August in China: Food in Yangshuo and Guilin

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The first night in Yangshuo was my first time in a less developed part of China. Tortoise and I thought we’d eat at one of the bustling local restaurants. I was so amused when our crockery arrived pre-sterilised in a vacuum pack. There was no need for the usual rinsing with a splash of hot water. No pictures of the dinner we had because we were too hungry and forgot to take pictures. We had beer duck (pi jiu ya) which was quite spicy but had no trace of beer in it. We had difficulty finding the meat as all the pieces seemed to be nothing but bone and gristle. I suppose that’s the consequence of being in the countryside.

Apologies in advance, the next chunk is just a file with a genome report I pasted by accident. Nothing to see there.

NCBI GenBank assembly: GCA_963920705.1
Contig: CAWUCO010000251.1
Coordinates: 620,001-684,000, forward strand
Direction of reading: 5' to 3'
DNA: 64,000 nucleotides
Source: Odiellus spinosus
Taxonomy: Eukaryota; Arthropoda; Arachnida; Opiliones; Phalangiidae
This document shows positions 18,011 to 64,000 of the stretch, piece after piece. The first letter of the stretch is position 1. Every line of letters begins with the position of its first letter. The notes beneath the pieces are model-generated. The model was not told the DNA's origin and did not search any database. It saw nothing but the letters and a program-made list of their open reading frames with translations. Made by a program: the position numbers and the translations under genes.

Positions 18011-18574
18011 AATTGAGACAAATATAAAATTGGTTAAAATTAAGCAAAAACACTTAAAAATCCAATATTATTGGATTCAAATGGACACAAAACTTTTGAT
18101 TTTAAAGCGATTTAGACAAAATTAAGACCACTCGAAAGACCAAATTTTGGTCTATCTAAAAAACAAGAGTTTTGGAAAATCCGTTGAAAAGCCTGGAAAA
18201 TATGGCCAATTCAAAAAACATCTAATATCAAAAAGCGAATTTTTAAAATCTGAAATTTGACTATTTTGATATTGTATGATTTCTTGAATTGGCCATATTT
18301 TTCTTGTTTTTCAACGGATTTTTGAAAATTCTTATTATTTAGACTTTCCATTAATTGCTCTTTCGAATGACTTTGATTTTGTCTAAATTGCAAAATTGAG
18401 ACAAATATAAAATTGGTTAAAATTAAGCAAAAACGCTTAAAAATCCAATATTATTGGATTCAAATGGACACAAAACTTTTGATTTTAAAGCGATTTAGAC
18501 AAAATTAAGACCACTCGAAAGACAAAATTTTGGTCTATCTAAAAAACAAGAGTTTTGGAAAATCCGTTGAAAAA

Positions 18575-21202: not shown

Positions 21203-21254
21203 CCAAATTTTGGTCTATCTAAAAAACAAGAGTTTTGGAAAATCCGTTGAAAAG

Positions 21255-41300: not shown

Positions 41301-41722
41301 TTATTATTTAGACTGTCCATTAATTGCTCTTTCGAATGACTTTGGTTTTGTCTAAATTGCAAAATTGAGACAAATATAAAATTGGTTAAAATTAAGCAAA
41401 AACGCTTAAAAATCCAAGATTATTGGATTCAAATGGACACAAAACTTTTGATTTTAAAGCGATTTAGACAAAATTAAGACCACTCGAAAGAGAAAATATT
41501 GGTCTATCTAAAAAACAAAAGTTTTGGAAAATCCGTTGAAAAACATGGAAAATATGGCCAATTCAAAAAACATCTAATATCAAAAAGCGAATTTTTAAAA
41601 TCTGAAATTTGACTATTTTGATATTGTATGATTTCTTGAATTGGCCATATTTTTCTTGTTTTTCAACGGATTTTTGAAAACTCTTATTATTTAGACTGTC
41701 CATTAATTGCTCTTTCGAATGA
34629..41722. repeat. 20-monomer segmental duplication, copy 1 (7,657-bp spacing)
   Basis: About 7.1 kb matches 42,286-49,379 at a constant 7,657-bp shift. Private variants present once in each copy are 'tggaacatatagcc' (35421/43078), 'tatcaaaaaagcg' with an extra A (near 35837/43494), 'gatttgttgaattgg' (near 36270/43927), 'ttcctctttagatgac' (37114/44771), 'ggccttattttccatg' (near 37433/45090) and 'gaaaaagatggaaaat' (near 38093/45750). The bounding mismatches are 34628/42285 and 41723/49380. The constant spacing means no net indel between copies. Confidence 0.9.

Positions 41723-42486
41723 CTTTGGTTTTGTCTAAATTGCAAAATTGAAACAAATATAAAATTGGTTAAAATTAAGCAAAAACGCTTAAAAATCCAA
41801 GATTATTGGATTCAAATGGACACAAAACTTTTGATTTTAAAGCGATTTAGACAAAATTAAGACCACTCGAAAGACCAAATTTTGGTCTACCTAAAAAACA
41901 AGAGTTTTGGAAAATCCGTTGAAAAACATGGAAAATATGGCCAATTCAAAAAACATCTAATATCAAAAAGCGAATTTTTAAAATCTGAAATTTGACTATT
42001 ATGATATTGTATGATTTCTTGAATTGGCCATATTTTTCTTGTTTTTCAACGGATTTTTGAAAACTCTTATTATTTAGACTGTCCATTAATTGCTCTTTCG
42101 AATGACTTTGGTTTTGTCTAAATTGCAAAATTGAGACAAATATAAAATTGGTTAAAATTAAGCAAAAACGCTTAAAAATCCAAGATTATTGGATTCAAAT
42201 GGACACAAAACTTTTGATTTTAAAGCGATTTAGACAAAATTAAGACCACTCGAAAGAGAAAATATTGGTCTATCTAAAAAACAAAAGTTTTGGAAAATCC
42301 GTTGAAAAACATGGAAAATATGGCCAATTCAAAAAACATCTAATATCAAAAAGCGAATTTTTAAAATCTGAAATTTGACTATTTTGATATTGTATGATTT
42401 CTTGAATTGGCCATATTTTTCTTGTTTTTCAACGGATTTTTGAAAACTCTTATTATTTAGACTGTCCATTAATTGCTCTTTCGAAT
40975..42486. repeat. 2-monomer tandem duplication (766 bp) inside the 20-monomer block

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The next morning we staggered out for breakfast at this makeshift stall selling Guilin mifen (rice noodles). The lady would hand over a bowl of noodles topped with minced meat and black fungus, and then it’s up to the customer to add the ingredients to taste. There was piping hot pork stock (of course fortified with msg), several kinds of pickles and boiled soy beans.

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It was a delicious combination. I particularly liked the kang kong and long bean pickles and developed a taste for them from then on. The combination of ferment, sour and spicy was so addictive that for the rest of the trip I’d often seek out Guilin noodles or anything with long bean pickle in them.

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Stopping for lunch, we also had horse noodles (ma rou fen). It’s been a long time since I last had horse (that was in sandwiches in Germany). It tasted a bit like venison and was quite robust and pleasingly chewy. I liked it, but Guilin noodles are still better.

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